Music Theory: But rhythm basics

I have a couple of Music Theory books, and I feel like I’m learning the pitch stuff pretty well. I use mnemosyne, and I can always play intervals and chords on the A4 or on my guitar, which reinforces the learning. BUT I am failing to learn rhythm.

You see, with pitch I can play the note, and listen to it, and play another note, and hear the relationships. But with rhythm, without really understanding what a particular example of some note timing are supposed to sound like, I have a hard time playing them and checking my understanding.

Is there a good resource you know of that helps learn rythm, basics like 4/4, 2/4, 3/4, rests, triplets, different note lengths and how they combine to make well known rhythms? I guess it would have to be somewhat audio visual, as I have failed to learn from the books I have (The AB Guide To Music Theory being the one I am working through at present.) I find I’m skipping over the rhythm sections and focussing on the pitch stuff.

Thanks in advance

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I’ll give it a try. Thanks! (Apps for everything, what a time to be alive!)

This was recommended to me by a professional guitarist (originally from Germany) who spent some time in India for recording sessions and other gigs.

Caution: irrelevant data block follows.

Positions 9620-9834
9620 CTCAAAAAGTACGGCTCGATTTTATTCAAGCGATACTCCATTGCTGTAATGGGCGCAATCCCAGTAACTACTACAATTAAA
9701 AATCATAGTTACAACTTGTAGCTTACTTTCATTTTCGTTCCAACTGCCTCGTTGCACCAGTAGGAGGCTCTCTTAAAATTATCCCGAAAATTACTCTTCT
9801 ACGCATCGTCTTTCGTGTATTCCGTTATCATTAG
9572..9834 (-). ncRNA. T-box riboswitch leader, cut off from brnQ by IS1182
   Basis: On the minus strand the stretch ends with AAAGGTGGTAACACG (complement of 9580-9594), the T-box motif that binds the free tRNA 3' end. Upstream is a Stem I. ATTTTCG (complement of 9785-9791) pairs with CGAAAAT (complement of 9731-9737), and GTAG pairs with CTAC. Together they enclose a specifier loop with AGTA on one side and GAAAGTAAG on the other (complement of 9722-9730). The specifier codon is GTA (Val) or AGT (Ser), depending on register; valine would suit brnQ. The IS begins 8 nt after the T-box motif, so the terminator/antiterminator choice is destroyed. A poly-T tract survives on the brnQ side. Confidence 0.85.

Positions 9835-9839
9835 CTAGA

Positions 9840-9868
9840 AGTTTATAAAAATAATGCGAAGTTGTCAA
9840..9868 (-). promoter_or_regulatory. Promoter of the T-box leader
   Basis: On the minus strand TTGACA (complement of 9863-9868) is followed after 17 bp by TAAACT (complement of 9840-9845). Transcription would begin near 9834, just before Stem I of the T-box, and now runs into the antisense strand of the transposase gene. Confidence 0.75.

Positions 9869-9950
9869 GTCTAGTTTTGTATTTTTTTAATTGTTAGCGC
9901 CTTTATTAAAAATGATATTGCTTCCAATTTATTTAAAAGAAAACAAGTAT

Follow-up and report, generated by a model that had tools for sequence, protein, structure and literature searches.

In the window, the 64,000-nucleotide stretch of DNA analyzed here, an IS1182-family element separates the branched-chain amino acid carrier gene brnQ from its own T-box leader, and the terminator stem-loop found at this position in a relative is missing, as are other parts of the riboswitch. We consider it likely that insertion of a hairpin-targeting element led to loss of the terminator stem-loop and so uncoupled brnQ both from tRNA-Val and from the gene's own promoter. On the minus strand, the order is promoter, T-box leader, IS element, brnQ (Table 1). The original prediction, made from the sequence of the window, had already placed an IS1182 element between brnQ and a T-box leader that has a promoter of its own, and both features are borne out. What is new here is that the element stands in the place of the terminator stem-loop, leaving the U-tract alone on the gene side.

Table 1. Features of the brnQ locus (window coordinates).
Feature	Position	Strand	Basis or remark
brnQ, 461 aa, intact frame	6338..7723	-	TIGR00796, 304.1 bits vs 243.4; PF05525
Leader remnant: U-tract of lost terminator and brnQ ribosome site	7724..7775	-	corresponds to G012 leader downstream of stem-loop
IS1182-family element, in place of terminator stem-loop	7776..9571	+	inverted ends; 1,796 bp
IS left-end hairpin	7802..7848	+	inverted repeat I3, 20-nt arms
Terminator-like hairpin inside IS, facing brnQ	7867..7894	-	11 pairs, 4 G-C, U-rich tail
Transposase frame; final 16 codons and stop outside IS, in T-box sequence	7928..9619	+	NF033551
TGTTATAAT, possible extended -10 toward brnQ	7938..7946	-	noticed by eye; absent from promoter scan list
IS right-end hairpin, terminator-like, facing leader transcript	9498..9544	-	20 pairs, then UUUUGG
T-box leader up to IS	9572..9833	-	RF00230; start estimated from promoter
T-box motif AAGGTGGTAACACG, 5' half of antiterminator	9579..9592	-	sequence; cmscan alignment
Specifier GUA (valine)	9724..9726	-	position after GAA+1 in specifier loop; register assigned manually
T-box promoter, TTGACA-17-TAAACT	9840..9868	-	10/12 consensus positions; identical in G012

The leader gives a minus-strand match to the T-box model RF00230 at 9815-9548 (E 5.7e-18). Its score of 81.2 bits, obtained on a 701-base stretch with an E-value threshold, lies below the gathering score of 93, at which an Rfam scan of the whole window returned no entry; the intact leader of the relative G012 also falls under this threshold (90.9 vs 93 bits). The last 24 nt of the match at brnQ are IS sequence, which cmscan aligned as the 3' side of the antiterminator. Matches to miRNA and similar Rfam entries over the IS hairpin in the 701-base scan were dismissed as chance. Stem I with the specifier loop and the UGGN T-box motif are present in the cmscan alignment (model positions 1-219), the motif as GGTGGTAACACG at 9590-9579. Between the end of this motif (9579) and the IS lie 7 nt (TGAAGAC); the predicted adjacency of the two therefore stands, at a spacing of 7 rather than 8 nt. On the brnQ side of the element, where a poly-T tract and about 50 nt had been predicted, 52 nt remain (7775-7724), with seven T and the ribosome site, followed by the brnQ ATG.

If you’re learning to read sheet music during your process you can always find a transcription for a piece and read along while listening to it. Make sure you have a note value chart handy for reference. I remember that type of exercise helping when I was first learning.
One way or another it’ll click for you. Rhythmic information is the more straightforward part. If you already figured out key signatures then time signatures should be a breeze. It’s all just fractions.

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Took me a second to grok that, but yes, that would be one way to tie the rhytm notation to what I hear.

I can imagine intervals of pitch in my head, but when I see triplets…I can’t tap my fingers to 'em (yet)

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Rhythmic dictation will help you get your ideas out of your head and into the sequencer. There are various apps for this but a basic knowledge of standard notation is required. Rhythm guitar is more intuitive.

The lessons lay things out really clearly for rhythm and pitch, but admittedly it does lean into pitch a bit more. Their pitch exercises are also really good. For rhythm exercise I do sometimes use but its limited.